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2010 Honda VFR1200 Spy Shots Leaked

Monday, June 29, 2009
We knew something was in the works when Honda unveiled its V-Four concept at the 2008 INTERMOT show in the Cologne, Germany. Now internet spy shots seem to confirm the future production Honda VFR1200.

Honda surprises with an unexpected V-Four concept superbike at INTERMOT Cologne bike show.
The new Honda VFR1200 doesn't look quite the same as the INTERMOT V-Four concept (above), although the fairing and headlight shapes are clearly derived from the concept bike.
While not as radical as the INTERMOT “concept” the fully-faired Honda sportbike retains some styling traits – the most notable being fairing and headlight shape. The new VFR seems to feature a more upright riding position than the aggressive superbike stance of its CBR kin – at least based on cursory glimpses of the photos.

Our friends and sometimes motorcycle review collaborators at MCN are releasing the pics and specs of the new VFR lineup, reporting a V-Four-powered 1200cc machine. More spy shots, posted by the car blog Left Lane News, confirm the use of a shaft drive – seeming to indicate a sport-touring application for the new Honda.

The new VFR is rumored to utilize an engine management system that could deactivate some of the four cylinders for better efficiency. If so, this could be very similar, or identical, to the Honda cylinder deactivation system affixed to a CBR1100XX prototype we test rode at Honda’s Tochigi Proving Grounds in 2006.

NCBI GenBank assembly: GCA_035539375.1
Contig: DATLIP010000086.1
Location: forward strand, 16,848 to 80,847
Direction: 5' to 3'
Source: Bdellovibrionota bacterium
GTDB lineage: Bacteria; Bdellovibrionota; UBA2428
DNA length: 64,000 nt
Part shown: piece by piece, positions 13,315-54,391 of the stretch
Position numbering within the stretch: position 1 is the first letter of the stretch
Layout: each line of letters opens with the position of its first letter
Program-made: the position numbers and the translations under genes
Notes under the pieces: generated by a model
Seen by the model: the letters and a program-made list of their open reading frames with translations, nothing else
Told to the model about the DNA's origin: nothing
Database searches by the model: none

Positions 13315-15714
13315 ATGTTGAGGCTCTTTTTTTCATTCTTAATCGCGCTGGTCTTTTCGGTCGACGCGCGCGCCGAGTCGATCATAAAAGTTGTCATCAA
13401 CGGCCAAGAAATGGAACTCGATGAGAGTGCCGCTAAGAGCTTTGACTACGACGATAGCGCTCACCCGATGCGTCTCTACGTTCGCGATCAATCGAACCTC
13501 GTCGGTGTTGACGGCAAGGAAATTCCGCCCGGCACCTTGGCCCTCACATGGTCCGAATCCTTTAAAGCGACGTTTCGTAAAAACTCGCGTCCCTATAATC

Speaking of the CBR1100XX, the new VFR would seem to fill the XX place and be a potential competitor in the hypersport class alongside the Suzuki Hayabusa, Kawasaki ZX-14 and BMW K1300S. This is particularly true if rumors of 200 hp prove out.

No official facts have surfaced yet, as the leaks seem to spoil the bike’s expected debut at one of the motorcycle shows this fall. One thing we can say for certain, however, is unlike the INTERMOT concept - the upcoming VFR-whatever will at least sport movable wheels!

Check out the Honda VFR1200 Spy Shot Gallery

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Comments
Whitey -VFR  August 13, 2009 01:01 PM
Let see some hard facts about this bike before we start rubbishing a possible great bike, I wonder how many of us have rubbished the majority of bikes just for them to come out totally different and now we ride them.
It is meant to be on show at the end of the year at a motor show that is unknown.
Until then anything that is said about the bike is pure crap.
Heres a rumour haha its a CBR1200 200hp Blackbird just when you thought it was going to be a VFR.
and they have seem to have stuck parts from the CBR1000 spec5 to them spy pics that are circulating.
I Agree with 929 Honda seems to be losing its edge or are they taking the next step towards the future for Hondas sake i hope they do not screw it up.
harold tangente cahoodt@yahoo.com -thats nice  August 3, 2009 03:57 AM
thats the good work
Barbarian -Why would anyone bash this??????  July 9, 2009 01:23 PM